KATHMANDU, Feb 13: The government on Wednesday expressed its firm determination to achieve its target of economic growth after revising the earlier announced budget size and expected expenditures allocated for development works.
In a mid-term review of the annual budget, the government has reduced the total budget to Rs 1.38 trillion from Rs 1.53 trillion while also downsizing the capital expenditure to Rs 326.81 billion against the allocated amount of Rs 408 billion.
Stepping back from its announced annual expenditure target of Rs 1.53 trillion for 2019/20, the government has now revised the expenditure amount to 90.4% of the earmarked volume. Similarly, the capital expense target is now 80.1% of the Rs 408 billion allocated for construction of infrastructure.
Addressing a function organised by the Ministry of Finance to publish the findings of the mid-term budget review, Finance Minister Yuba Raj Khatiwada, however, reiterated his claim on meeting the target of economic growth this year. Despite the setback that the government faces in revenue collection and capital expenditure, Khatiwada has insisted on meeting the economic growth target against the backdrop of implementing investment-friendly laws, an expanding manufacturing sector, increased investment in infrastructure, speeded up reconstruction and expansion of the financial sector.
This is the second consecutive year that Finance Minister Khatiwada has revised the annual budget size. This year, the government is under even more pressure to meet the target of revenue collection and capital expenditure. Officials of the Finance Ministry however have been making futile claims about abiding by the government’s target for economic growth.
Khatiwada had forecast a growth rate of 8.5 percent when he presented the budget statement for the current fiscal year. International organizations such as the World Bank and the International Monetary Fund however claimed that the country’s growth rate will stand at 6.5-7%, way below the ambitious target of the government. But the ministry has stuck to its announced numbers.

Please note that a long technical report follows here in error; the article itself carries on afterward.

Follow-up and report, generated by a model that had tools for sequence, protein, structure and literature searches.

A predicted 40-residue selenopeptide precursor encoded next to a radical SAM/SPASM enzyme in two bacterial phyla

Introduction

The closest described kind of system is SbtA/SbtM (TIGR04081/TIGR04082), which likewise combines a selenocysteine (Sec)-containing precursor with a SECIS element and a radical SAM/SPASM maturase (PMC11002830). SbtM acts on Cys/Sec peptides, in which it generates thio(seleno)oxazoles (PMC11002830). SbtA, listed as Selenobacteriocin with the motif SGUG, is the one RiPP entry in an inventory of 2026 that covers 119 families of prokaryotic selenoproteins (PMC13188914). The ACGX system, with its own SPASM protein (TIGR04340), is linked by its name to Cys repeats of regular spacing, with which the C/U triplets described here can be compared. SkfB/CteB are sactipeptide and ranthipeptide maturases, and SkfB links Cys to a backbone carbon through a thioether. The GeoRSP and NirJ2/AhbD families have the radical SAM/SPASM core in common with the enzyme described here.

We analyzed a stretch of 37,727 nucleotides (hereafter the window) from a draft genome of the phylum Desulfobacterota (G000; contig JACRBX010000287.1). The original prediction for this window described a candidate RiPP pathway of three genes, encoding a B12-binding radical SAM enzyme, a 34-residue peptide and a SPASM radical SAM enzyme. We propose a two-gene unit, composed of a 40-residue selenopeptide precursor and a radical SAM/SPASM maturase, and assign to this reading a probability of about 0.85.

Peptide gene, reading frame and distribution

Analysts said that the government claim to meet the growth target seems unrealistic. “As the capital expenditure is dismal, the government is trying to meet the target by increasing last hour expenses as the fiscal year approaches its end. Such action can help maintain a growth target statistically, but it will not help achieve sustainable growth and yield the desired results,” Dipendra Bahadur Chhetri, an economist, told Republica.
The ministry has also reviewed the revenue collection target to Rs 1.05 trillion from more than Rs 1.1 trillion. Statistics with the Financial Comptroller General Office (FCGO) show that the government collected only Rs 433.15 billion by mid-January, against the target of mobilizing Rs 537 billion. Failing to meet the revenue target, the government has reset the target at 95.6% of what was announced in the budget.
According to the ministry, until the first half of the current fiscal year, the government has spent only 15.4 percent of the targeted capital expenditure. The capital expenditure proportion that the government has made out this year is even less than that of the review period last year. By mid-January last year, the government’s capital expenditure amount had stood at 17.7% of the Rs 313.99 billion allocated under that head.
Revenue collection over the first six months stood at a mere 39% of the targeted tax revenue of more than Rs 1.1 trillion for this fiscal year. The shortfall in revenue collection comes as a setback to the government at a time when it is struggling to manage funds for increased expenditures under the federal system.
In the first six months, the government collected Rs 456.18 billion, which according to the ministry is 13.4% more than the revenue collection amount during the review period last year. “Although the revenue collection was hit by the fall in imports, revenue mobilization has increased by an encouraging 26%,” reads the ministry’s review document.
During the review period, the inflation rate stood at 6.4% compared to 4.2% during the same period last fiscal year. The ministry has attributed the high inflation rate to the hiked prices of a number of food items.
A check in the ever-expanding trade deficit and fall in the current account deficit have given some respite to the government. Over the review period, the country’s trade deficit went down by 6.1 percent to Rs 637.41 billion, export earnings increased by 26.1% and import expenses fell 4%.
Likewise, the current account deficit went down by half to Rs 82 billion. As a result, foreign currency reserves increased by Rs 57 billion to Rs 1.09 trillion, which is sufficient for the import of goods and services for the next 8.4 months.